Updated: Monday, 27 Apr 2009, 10:55 PM CDT
Published : Monday, 27 Apr 2009, 10:55 PM CDT
MOBILE, Ala. - A page showing fire, severe weather, and flooding, all disasters that can have an impact on a family, especially children. All of these disasters were featured in a coloring book on the Federal Emergency Management Agency's website, designed to help children cope with disasters.
But one page has parents taking the colors away. It's an illustration of the World Trade Center Towers in New York. One of the towers has smoke coming out of it while a plane looks to be heading towards the other.
"They like to color happy pictures not pictures like that I don't think I would like to give my child these kids of pictures to color," said parent Brandy Greer.
Another parent, who was from New York, couldn't believe the scene was in something intended for such young minds. She said she thinks the picture might actually scare a child, since most might now understand the horror of 9/11.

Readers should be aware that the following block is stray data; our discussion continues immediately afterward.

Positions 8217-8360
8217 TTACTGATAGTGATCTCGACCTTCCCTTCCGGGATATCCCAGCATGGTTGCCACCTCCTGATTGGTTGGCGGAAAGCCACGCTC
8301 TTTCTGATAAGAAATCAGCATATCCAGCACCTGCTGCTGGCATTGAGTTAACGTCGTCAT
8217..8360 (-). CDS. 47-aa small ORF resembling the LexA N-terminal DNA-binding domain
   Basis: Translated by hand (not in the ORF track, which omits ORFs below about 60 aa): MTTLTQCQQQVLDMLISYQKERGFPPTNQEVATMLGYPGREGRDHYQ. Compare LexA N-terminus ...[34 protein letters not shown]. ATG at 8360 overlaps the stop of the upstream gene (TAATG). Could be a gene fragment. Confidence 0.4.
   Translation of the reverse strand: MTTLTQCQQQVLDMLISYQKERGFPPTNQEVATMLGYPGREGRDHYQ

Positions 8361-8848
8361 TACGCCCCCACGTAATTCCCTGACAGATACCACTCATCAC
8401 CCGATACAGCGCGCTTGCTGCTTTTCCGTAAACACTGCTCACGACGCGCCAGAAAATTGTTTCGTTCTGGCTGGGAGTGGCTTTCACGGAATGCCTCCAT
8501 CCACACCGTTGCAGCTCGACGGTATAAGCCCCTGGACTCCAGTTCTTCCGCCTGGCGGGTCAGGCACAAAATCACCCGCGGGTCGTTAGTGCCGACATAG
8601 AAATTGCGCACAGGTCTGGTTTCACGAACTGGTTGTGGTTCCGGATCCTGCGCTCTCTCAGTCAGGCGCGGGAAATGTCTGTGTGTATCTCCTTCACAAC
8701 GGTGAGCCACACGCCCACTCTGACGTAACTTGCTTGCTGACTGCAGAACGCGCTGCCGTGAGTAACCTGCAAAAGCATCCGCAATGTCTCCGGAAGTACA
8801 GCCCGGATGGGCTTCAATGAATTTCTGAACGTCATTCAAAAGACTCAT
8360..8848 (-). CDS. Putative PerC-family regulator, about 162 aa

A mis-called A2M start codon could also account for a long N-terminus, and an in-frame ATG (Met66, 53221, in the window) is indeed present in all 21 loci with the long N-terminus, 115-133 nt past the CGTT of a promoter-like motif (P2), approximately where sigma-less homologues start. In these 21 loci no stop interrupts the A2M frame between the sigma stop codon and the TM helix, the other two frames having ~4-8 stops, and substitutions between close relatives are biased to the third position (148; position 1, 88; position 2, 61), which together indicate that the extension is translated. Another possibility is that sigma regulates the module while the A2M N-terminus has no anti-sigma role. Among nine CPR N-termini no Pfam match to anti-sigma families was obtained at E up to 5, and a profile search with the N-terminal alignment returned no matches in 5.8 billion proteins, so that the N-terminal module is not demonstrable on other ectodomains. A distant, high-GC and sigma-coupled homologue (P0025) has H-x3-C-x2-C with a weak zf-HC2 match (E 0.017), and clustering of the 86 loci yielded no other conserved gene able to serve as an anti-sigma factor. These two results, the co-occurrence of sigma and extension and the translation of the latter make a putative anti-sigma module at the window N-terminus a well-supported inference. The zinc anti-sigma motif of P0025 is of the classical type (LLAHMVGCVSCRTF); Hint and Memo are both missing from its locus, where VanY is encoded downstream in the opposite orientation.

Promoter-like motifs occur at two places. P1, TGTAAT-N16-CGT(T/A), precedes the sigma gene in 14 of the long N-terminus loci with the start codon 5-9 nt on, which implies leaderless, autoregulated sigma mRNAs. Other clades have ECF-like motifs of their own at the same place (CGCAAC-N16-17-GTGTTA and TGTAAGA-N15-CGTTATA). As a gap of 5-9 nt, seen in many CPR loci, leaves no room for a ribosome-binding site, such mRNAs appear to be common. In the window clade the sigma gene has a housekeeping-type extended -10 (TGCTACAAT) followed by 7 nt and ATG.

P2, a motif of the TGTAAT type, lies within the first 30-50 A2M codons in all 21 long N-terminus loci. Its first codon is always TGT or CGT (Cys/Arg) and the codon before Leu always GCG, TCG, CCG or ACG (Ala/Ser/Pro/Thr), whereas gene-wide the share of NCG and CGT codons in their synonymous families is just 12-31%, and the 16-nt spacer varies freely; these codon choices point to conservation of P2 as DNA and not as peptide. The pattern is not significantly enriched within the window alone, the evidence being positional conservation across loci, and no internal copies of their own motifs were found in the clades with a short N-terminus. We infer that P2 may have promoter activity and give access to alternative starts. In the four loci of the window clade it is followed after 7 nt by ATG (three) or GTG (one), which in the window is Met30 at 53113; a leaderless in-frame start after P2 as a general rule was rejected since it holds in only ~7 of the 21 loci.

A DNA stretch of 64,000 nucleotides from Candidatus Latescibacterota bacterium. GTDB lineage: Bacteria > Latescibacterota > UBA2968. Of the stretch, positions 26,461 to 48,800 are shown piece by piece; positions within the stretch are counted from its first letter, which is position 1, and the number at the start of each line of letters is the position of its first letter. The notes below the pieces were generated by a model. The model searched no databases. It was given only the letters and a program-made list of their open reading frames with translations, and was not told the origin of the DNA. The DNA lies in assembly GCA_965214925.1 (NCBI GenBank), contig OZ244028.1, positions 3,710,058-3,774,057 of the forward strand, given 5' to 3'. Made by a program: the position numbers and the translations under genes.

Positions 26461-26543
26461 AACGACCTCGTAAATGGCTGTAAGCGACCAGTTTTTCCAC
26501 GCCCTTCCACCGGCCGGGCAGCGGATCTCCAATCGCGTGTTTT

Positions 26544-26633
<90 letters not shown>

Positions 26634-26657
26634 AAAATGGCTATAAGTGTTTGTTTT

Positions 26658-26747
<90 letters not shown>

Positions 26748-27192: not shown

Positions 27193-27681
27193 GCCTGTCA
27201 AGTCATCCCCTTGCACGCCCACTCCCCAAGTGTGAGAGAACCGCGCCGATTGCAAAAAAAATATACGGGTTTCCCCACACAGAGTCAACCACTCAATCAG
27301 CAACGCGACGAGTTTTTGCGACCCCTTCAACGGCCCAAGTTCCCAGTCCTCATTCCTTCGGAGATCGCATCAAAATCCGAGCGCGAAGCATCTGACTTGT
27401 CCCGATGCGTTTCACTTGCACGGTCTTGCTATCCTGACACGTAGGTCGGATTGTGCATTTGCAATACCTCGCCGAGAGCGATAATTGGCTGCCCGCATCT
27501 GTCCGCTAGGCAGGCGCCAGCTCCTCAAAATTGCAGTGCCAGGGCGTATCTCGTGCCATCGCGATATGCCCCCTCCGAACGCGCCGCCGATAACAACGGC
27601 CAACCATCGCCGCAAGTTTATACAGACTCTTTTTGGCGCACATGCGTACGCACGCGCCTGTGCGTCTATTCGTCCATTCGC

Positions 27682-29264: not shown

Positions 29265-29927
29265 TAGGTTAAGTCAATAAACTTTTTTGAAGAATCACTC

"I think there could be better solutions, for a small child that's coloring. How would they color that to be honest? That's not something I'd put in a coloring book," she said.
She said if you feel your kids need to know about what happened the best way she can think of is how she handled it when 9/11 happened right in her backyard, "To talk to them, that's the best way to talk to them."
Just recently, the National FEMA site took the coloring book down. There are others that don't include anything with 9/11 still on the site.
FEMA officials released this statement:
"We removed the content from our website after reviewing www.FEMA.gov for appropriate material. FEMA for kids assists children in understanding disasters and we will continue to post appropriate material that supports its mission," said John Shea with FEMA.
"FEMA For Kids" not only includes the coloring books but also has stories from other kids who have gone through disasters, ways to put together a kids survival kit, and helpful activities kids can take part in.
The coloring book that included the page on 9/11 was created by the Freeborn County Crisis Response Team in Minnesota.